Unwilling to let his record go, especially under such ambiguous circumstances, Heynes completed the swim again in 2011. He willed himself across the same 24.3-mile route in 11 hours and 16 minutes, which still stands as the fastest time for the course. The fastest time for women, set by Melanie Nickou of Waterford, Pennsylvania, in 2011, is 13 hours and 35 minutes.
In addition to reigning as King of the Lake, Heynes also wanted to standardize and streamline the process for those courageous, aquatically-inclined souls attempting the swim. Following his second crossing, he worked with the World Open Water Swimming Association (WOWSA) to set up a sanctioned organization, the Lake Erie Open Water Swimming Association (LEOWSA) to act as the governing body and primary resource for these souls.
“Prior to 2012, it was kind of like re-creating the wheel. Every swimmer had to figure out their crew, their boats, their equipment. We are trying to help people out and provide most of that stuff for them, including a proper swim master who knows the rules and will work together with the swimmer and their coach,” says Heynes.
[blocktext align=”right”]While nearly 2,000 successful English Channel swims are on the official record, only a few dozen people can claim they’ve conquered Erie.[/blocktext]While nearly 2,000 successful English Channel swims are on the official record, only a few dozen people can claim they’ve conquered Erie. It’s a tight-knit community. Bob North was one of the two men responsible for plotting the standard 24.3-mile course from Long Point to Freeport Beach, about fifteen miles east of Erie. It was North who helped Heynes train and plan for his first swim, and he still makes a point to be there when swimmers hit the Pennsylvania shore.
According to Heynes, safety is LEOWSA’s main priority, along with ensuring the swimmer adheres to WOWSA’s regulations and coordinating all the minute details that go into attempting the swim. This includes ensuring the athlete is in good health and is adhering to a proper training schedule, but it also involves securing boats, equipment, and a sanctioned swim master and reliable boat pilot; familiarizing a swimmer and their team with LEOWSA regulations; and communicating with the necessary third parties – meaning coaches, the medical director, the crossing guard, and border patrol, since swimmers pass through national borders. It’s a complicated event, and Heynes offers a kind of one-stop shop for a potential crosser who’s interested in minimizing the chance of something getting overlooked.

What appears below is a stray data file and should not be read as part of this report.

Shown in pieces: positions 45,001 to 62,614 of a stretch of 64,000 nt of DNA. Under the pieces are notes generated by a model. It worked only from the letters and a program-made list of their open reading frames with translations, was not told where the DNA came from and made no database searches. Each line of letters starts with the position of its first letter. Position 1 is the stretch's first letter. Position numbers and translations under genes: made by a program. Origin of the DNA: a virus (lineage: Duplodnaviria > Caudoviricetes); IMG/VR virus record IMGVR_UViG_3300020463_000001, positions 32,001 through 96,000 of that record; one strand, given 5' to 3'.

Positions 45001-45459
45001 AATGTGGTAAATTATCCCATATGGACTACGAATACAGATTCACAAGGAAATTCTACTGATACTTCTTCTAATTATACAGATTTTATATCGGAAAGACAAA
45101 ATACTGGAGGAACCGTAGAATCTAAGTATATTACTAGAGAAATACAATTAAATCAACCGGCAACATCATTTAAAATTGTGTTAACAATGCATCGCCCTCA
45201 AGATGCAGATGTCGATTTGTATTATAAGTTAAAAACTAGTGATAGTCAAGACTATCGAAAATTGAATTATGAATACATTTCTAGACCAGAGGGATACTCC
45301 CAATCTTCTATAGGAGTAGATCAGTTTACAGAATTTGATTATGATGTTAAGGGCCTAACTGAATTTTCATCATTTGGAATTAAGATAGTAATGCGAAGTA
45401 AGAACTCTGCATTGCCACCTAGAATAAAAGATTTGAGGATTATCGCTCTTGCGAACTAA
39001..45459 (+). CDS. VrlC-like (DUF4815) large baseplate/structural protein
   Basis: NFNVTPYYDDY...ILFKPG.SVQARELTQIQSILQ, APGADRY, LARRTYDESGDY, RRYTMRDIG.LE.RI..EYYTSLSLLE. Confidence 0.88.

So what exactly constitutes a sanctioned marathon swim? WOWSA defines it as a nonstop, open-water swim of at least ten kilometers, or just over six miles, that is achieved without artificial assistance of any kind. “Nonstop” may seem like an obvious stipulation, but after hours in the water the temptation to grab onto an escort kayak – even just for a moment – becomes increasingly appealing. Food and water must be carefully extended from the boat into the athlete’s hands, without providing any type of support. Many use homemade “feeding poles” with cup holders attached on one end. Annaleise Carr, who completed a multi-stage swim across the lake in the summer of 2013, had her crew pass her peanut butter and jelly sandwiches via a lacrosse stick. “Artificial assistance” is essentially any item or substance that enhances the swimmer’s chance of completing the swim beyond their natural ability and fortitude. This includes wetsuits, which are used by many competitive triathletes to retain heat in cold waters and to increase buoyancy. No flippers. No snorkels. No pacing aids or heart rate monitors.
The swim master, also given the omniscient title of the ”observer,” is basically the showrunner for a given crossing. As a LEOWSA representative, the swim master’s responsibility is to ensure the swimmer is mentally, physically, and logistically prepared to attempt the 24-mile journey. They can cancel a swim if weather conditions are unsafe, or even beforehand, if they believe the athlete’s health or fitness isn’t up to par.
Swimmers can only tentatively set a date for their crossing; much of their fate depends on the weather. Generally, July and early August offer the most opportunities; the water is warmest – on average, 73 degrees – and relatively tranquil. According to LEOWSA’s regulations, a swim cannot take place if lightning or thunderstorms are predicted within 24 hours after its start and within 50 miles of the lake’s shore. Water temperature must be at least 60 degrees Fahrenheit. For comparison, most pools are kept at a temperature between 75 and 85 degrees. Waves should not be more than 2 feet high, trough to crest. In other words, a tall order to ask for across a historically unpredictable patch of water.